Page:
- helpful votes
Wallis in Love
- The Untold Life of the Duchess of Windsor, the Woman Who Changed the Monarchy
- By: Andrew Morton
- Narrated by: Molly Parker Myers
- Length: 12 hrs and 11 mins
Everyone has heard of Wallis Simpson, the woman for whom Edward VIII so infamously abdicated his throne and birthright. But although her life has constantly been the subject of much fascination, gossip, and speculation, her whole story has yet to be told. Now historical biographer Andrew Morton uses diary entries, letters, and other never-before-seen records to offer a fresh portrait of Wallis Simpson in all her vibrancy and brazenness.
This one is being returned
- By Rita T on 02-15-18
I learned a lot about the woman behind the most famous abdication of all time, a lot of it disheartening. #VoicesFromTheGrave #Tagsgiving #Sweepstakes
Get Well Soon
- History’s Worst Plagues and the Heroes Who Fought Them
- By: Jennifer Wright
- Narrated by: Gabra Zackman
- Length: 7 hrs and 44 mins
In 1518, in a small town in Alsace, Frau Troffea began dancing and didn't stop. She danced until she was carried away six days later, and soon 34 more villagers joined her. Then more. In a month more than 400 people had been stricken by the mysterious dancing plague. In late-19th-century England an eccentric gentleman founded the No Nose Club in his gracious townhome - a social club for those who had lost their noses, and other body parts, to the plague of syphilis for which there was then no cure.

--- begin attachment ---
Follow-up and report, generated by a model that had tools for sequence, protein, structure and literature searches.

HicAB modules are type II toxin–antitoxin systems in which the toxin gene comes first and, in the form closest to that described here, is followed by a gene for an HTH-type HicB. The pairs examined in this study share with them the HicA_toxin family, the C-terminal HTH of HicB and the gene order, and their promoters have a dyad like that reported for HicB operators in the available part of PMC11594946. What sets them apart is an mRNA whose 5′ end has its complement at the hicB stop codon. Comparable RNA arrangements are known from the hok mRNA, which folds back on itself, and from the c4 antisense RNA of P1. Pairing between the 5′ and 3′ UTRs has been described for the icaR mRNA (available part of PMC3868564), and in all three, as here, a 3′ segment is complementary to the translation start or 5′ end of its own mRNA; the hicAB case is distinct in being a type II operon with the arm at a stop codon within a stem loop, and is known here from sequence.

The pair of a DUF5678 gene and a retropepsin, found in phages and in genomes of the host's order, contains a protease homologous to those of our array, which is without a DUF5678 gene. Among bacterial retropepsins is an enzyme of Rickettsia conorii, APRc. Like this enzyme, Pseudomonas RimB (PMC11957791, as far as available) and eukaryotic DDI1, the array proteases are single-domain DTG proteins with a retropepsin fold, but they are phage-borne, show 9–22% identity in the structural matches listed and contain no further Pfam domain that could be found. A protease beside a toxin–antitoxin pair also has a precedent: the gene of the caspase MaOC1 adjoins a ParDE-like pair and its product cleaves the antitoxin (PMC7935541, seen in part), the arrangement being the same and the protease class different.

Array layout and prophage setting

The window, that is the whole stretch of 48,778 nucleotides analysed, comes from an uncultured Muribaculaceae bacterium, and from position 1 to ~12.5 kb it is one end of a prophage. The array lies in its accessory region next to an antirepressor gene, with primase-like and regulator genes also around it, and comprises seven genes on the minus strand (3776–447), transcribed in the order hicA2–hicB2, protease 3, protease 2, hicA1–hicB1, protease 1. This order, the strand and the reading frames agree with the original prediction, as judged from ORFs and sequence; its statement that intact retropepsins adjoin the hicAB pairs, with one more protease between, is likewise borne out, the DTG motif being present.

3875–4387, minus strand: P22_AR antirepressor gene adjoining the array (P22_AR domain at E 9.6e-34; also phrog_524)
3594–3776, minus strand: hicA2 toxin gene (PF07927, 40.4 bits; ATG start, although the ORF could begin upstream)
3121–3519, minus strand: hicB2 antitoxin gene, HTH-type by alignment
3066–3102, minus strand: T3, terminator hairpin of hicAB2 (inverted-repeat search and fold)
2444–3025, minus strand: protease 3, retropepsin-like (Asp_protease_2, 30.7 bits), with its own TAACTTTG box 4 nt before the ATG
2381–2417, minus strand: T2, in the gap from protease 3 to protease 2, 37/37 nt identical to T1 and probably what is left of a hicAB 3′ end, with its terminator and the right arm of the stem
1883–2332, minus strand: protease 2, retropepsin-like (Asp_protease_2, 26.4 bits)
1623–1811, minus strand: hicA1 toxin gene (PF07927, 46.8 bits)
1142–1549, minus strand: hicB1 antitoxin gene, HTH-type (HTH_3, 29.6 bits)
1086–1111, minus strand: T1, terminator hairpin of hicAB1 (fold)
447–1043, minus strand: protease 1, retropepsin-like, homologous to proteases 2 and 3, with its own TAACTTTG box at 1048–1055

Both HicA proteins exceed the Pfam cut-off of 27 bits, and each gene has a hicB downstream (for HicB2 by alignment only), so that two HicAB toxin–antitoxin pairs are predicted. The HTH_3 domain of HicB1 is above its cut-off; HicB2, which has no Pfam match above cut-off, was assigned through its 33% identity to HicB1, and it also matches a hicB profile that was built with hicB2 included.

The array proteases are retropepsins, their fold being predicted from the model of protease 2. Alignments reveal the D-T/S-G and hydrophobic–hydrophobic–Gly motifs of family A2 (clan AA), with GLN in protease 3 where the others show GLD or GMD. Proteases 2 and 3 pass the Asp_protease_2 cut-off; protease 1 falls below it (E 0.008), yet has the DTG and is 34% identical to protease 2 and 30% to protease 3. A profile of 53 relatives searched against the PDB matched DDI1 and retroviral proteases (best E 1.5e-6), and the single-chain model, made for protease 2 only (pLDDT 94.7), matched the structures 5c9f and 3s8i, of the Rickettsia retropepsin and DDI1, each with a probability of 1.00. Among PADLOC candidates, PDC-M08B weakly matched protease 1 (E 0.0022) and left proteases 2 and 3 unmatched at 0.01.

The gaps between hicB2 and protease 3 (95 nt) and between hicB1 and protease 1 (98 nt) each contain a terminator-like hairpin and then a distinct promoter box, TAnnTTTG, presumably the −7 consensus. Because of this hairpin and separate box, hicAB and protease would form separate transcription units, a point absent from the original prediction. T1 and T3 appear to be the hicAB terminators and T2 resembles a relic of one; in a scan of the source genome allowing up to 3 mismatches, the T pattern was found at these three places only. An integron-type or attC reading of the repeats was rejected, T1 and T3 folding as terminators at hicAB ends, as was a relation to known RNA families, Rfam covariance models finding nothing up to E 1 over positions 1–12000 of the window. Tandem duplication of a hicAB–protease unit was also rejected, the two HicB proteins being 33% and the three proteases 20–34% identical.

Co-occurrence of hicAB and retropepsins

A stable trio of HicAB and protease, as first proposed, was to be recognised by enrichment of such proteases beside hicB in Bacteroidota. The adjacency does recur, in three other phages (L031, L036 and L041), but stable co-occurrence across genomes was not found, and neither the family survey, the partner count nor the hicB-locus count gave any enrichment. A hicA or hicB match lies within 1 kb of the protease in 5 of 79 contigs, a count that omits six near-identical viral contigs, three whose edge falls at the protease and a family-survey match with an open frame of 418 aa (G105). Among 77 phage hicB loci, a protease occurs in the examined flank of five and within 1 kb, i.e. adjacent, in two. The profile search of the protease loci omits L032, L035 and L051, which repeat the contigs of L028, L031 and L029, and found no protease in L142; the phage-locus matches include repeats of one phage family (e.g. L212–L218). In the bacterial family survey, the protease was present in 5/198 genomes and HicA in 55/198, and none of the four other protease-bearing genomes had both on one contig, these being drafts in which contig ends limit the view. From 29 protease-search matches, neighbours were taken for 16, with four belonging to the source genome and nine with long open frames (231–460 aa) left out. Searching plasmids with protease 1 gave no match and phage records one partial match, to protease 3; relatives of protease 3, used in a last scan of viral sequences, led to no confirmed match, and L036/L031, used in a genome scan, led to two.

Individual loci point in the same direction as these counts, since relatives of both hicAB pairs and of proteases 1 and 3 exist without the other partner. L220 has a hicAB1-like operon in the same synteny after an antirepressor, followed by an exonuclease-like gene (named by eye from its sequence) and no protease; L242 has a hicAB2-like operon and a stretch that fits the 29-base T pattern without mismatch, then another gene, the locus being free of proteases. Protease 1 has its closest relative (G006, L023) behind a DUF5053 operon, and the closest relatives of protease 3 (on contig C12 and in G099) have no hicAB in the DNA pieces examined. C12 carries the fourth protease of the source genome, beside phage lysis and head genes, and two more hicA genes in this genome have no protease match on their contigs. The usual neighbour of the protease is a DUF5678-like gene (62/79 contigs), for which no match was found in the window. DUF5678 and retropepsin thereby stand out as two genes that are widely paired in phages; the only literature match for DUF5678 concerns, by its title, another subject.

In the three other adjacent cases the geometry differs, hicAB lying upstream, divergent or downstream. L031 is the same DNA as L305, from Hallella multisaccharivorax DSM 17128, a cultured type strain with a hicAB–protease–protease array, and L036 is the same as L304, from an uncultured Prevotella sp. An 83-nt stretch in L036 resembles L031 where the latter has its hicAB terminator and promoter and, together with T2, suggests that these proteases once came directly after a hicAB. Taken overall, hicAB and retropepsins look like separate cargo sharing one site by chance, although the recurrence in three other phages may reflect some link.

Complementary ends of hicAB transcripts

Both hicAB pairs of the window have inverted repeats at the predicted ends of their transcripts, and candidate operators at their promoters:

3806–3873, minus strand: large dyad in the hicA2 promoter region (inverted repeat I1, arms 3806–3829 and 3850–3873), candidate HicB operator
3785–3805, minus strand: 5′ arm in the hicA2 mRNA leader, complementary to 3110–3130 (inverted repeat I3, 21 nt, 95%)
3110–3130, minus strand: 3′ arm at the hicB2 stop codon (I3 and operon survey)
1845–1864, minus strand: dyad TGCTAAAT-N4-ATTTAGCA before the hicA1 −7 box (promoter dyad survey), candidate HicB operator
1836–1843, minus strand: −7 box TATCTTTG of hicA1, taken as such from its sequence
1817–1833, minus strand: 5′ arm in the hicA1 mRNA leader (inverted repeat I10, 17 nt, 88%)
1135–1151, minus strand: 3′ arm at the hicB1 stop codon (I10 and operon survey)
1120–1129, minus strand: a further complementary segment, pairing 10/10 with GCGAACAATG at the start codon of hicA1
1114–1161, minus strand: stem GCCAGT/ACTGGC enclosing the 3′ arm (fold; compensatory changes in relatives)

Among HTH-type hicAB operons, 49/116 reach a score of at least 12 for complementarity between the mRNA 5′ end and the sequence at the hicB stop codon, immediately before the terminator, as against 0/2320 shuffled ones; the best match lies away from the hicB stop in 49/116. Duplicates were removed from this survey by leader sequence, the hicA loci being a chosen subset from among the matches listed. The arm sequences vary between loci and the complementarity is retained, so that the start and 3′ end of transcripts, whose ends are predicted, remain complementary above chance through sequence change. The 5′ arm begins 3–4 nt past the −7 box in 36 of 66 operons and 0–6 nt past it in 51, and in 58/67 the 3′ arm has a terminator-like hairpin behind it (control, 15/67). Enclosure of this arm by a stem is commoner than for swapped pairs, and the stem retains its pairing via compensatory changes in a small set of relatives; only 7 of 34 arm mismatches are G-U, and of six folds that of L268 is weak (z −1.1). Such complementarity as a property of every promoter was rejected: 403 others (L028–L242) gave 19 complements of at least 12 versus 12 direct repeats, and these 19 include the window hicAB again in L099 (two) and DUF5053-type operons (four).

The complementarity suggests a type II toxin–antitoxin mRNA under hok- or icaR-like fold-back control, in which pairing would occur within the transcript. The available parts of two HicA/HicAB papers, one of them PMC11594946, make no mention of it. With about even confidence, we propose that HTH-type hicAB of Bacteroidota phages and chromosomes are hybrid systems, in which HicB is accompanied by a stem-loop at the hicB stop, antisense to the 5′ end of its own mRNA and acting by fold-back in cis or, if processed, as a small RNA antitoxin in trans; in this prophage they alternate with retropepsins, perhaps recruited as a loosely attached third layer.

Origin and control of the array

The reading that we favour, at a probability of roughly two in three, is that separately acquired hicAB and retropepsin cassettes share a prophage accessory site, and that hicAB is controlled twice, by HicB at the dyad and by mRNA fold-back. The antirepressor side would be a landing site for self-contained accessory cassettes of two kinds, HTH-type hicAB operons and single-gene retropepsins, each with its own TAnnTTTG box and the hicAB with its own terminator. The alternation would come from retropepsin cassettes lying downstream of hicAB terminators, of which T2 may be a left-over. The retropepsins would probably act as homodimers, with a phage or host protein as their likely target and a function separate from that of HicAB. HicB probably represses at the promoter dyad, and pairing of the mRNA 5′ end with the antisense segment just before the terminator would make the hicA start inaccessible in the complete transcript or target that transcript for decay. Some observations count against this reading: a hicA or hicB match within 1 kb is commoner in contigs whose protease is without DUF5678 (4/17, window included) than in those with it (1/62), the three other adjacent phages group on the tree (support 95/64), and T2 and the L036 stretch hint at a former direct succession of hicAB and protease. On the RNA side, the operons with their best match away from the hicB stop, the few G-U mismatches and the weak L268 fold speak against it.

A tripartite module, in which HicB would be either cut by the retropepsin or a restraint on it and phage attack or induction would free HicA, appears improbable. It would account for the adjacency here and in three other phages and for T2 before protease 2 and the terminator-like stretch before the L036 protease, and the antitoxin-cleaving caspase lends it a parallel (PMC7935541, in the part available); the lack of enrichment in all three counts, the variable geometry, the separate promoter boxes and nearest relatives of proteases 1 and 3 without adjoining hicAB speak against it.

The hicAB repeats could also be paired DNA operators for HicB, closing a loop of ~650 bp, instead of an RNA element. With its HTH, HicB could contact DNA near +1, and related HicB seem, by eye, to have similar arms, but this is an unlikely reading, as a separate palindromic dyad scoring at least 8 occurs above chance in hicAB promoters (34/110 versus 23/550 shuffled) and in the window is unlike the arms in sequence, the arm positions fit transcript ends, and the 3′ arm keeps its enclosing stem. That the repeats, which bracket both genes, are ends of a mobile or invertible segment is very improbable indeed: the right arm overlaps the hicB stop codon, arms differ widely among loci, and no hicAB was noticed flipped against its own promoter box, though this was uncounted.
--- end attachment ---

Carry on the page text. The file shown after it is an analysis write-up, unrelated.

Once over lightly with a nasty tone
- By Helen Feddema on 08-20-17
The Most Delightful Book about Death You'll Read
What made the experience of listening to Get Well Soon the most enjoyable?
Gabra Zackman is an engaging and hilarious narrator, and her storytelling feels very true to the stylistic intentions of Jennifer Wright. Namely, that even with great plagues can sometimes come unexpected humor.
What did you like best about this story?
Other than the fantastic narration, what I liked best was the author's complete lack of complacency about how plagues have invariably struck at regular intervals throughout human history, and that while some of our forebearers' assumptions about them seem ridiculous to us, that our own future encounters with them will likely make us look similarly foolish to our descendants.
Which scene was your favorite?
I loved learning about the dancing plague. I had never even heard of it and found it fascinating.
Any additional comments?
I plan to listen to this book at least every other year- it's quite informative and interesting!